Contemporary Issues in Law - Volume 13 - Issue 4
DEFECTIVE MEDICAL DEVICES: ANALYSING THE ROLE OF THE CRIMINAL LAW IN THE PIP BREAST IMPLANTS SCANDAL
Mélinée Kazarian Senior Lecturer in Law, University of Portsmouth
In the wake of recent healthcare scandals involving company directors deliberately breaching regulatory requirements at the expense of patient safety, the question has arisen whether criminal law would be useful to hold directors to account, deliver justice to patients, and ensure safety in medical devices and products. This article examines the role of the criminal law in the PIP breast implants scandal in France, which involved company directors being held criminally liable for fraudulently manufacturing and supplying faulty breast implants to thousands of patients worldwide. The article shows that convictions of PIP directors for tromperie(deception) in a first set of proceedings were successful in meeting some of the victims’ demands, but did not address the deliberate endangering of patients. The article shows that this may not be easily achieved using offences against the person (namely involuntary homicide and involuntary wounding) given the difficulties in proving causation. Instead, when company directors have deliberately put patients at risk of harm, the criminal law should offer a way to penalise deliberate endangering without having to prove that any harm resulted from the conduct. Mise en danger délibérée (deliberately putting someone in danger), which does not require proof of any harm, may therefore assist in the punishment of PIP directors and deliver justice to victims of the scandal. This article also explores the possibility of holding regulators to account for failing to uncover PIP’s fraud soon enough, while demonstrating that criminal liability would be unhelpful in that respect, and instead, reforms should be considered to ensure safety in medical devices.
HARMONISATION OF BIOBANK REGULATIONS IN AFRICA: LESSONS TO BE LEARNED FROM EUROPE
Ciara Staunton Centre for Medical Ethics and Law, Stellenbosch University, South Africa
Biobanks are crucial to the understanding of the complex interplay between genetics and environment in the development of diseases. Inherent in the success of this research is the availability of large quantities of biological samples. To meet this demand large consortia have emerged that promote collaboration and set standards. This research has largely been focused on in the Global North and until the development of the Human Hereditary and Health in Africa (H3Africa)) consortium, biobanking research in Africa was largely confined to small, localised biobanks. Africa is now in the midst of a genomic revolution with the development of capacity across the continent. However this new research faces serious governance challenges. The H3Africa project requires collaboration across borders, yet many African countries either have restrictive rules on cross-border movement of samples, or the legal regime is simply not adequate to deal with this new and emerging technology. Where there are rules and regulations in place, they are often in conflict with national legislation, regulations and ethical requirements as well as the local rules of the biobank itself all governing the use of the samples. There is also considerable cultural diversity across the continent and biological samples often have special significance not seen elsewhere. However, the success of any large consortia such as H3Africa is dependent on collaboration and this can be encouraged by the development of harmonised governance frameworks between international collaborators. However, Europe has had to deal with many of these issues that are facing Africa and this has not had a detrimental impact on the research. This article will thus examine the European experience with biobank governance and ascertain what, if any, lessons can be learned for Africa as it seeks to strengthen its governance frameworks.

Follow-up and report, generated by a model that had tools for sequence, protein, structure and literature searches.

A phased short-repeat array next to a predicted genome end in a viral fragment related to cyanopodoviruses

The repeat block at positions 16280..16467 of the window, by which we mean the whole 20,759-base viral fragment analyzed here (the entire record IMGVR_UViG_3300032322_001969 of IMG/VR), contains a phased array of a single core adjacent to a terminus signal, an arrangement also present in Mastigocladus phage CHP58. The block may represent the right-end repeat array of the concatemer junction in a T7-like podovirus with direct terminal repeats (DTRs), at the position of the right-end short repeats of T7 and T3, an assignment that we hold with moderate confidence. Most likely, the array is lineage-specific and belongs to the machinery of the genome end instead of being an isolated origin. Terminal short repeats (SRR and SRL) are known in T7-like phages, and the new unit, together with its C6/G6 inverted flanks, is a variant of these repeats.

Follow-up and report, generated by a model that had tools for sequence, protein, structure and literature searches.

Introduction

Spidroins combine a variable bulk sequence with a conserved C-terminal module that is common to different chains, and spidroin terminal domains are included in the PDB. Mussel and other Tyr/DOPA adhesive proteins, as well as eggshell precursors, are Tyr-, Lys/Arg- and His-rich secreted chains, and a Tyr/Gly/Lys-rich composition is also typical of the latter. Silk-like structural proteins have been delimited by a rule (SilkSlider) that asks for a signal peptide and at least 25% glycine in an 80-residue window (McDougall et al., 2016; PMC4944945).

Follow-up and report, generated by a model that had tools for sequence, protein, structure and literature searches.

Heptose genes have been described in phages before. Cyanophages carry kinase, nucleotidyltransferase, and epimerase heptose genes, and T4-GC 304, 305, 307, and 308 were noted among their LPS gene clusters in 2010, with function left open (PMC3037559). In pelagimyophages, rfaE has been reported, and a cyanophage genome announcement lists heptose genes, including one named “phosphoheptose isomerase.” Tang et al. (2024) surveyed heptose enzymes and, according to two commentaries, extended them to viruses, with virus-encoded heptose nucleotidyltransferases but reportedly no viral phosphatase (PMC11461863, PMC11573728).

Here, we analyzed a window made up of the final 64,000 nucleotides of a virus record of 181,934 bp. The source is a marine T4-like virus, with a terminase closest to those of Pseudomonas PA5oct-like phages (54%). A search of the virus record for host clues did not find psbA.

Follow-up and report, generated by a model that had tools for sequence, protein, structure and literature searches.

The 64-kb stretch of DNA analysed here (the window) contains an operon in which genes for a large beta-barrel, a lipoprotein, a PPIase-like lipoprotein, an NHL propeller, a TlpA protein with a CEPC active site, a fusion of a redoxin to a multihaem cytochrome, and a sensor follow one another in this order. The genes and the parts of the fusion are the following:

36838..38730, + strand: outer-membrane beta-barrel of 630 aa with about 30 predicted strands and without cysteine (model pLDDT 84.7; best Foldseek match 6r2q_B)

PROTECTING HUMAN DIGNITY: REFRAMING THE ABORTION DEBATE TO RESPECT THE DIGNITY OF CHOICE AND LIFE
Samantha Halliday Associate Professor, University of Leeds